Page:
I was talking with a colleague about the parallels in nature to a product lifecycle – be interesting to read the feedback…
Usually products start out with a core range, maybe one (thinking of the beverage industry). From there, a company will add 1 more ( a light?), and then from there perhaps one to 3 more. After that initial buildup, that may have taken two to three, or four years, then the range extension will take off. Over the next couple of years, perhaps 5 to 7 more types will be added, including some seasonal products. After that there is not much more innovation possible, and the range may end up in the discount category, get bought for a last push up, or be discontinued.
So, for the parallel. The tree starts out with a basic single trunk, then begins to branch off, perhaps one or two supplementary stalks. From there, each stalk will make more stalks or branches, each of which will also divide off. All the while, the tree is growing taller, though more slowly. Finally, the tree will reach its maximum height, with a large range of small, final branches. The tree will age, weaken, and eventually, as my colleague said, get blown over.
After looking at a couple of different product lifecycle representations, I noted that there is a lakc of instruction on what to do about the innovation point – towit – when does innovation start? Taking the tree as an example, if we plant another tree, or trees, when the tree is at its height, and the little finger branches are expanding, is their enough time to compensate for the eventual loss of the tree? Nature is smart, if we can say that, in that trees make seeds, and these seeds should compensate if the main tree is lost. If you take an apple tree, it has its first apples, containing the seeds between 3 and 5 years into the life of the tree, which can live from between 35 and 100+ years.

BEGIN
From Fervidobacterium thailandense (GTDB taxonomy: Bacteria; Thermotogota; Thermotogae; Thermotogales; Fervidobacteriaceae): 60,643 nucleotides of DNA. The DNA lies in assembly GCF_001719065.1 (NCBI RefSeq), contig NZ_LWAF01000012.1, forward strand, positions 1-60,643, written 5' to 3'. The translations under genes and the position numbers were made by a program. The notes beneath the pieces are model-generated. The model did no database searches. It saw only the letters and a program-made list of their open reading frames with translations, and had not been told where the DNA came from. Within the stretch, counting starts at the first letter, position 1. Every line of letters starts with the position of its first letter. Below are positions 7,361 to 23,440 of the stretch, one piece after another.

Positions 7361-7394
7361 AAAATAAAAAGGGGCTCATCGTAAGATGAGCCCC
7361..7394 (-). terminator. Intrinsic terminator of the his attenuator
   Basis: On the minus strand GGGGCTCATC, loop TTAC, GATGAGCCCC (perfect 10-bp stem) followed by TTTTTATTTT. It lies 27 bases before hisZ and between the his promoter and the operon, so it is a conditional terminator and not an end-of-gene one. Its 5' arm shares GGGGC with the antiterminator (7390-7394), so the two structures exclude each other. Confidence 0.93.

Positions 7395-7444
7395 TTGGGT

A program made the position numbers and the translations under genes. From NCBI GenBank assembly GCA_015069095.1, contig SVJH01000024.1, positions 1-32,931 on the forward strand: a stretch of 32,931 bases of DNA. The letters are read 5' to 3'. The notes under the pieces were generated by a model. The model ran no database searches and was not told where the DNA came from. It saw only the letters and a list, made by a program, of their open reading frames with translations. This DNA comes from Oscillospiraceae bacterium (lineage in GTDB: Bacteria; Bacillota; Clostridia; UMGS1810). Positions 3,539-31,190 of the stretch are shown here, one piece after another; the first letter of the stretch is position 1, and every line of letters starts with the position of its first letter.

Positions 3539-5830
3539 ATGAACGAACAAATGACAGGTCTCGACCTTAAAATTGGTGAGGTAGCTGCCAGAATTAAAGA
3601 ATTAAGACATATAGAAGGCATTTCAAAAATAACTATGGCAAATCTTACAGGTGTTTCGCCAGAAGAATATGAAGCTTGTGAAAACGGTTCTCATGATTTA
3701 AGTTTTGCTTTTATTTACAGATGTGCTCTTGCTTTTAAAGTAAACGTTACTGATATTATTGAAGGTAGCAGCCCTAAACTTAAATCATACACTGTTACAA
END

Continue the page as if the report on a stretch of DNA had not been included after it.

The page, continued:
Another example: If you ever go to the Redwood Forest north of San Francisco, California, look at how the redwoods replicate: they are already having new trunks growing while the primary is still active. I’ve never found an article regarding this (people have other things to do with their days apparently), but I thought it excellent forsight onthe part of the tree to already have the next generation to continue the DNA. In some cases there were three trees, always in a straight line, with the most mature, then the next, and then the new sapling – I’d like to say it was from left to right.
In nature, therefore, “innovation” starts early, sometimes as early as the product’s lifecycle, with the host planning for its own end almost at the beginning of its own life. The suggestion to companies would then be to begin by acknowledging that there is a life cycle to the product, and start planning for its eventual end almost at the beginning, turning the standard product life cycle into a “virtuous product life cycle” as I have attempted to demonstrate in the image to the right.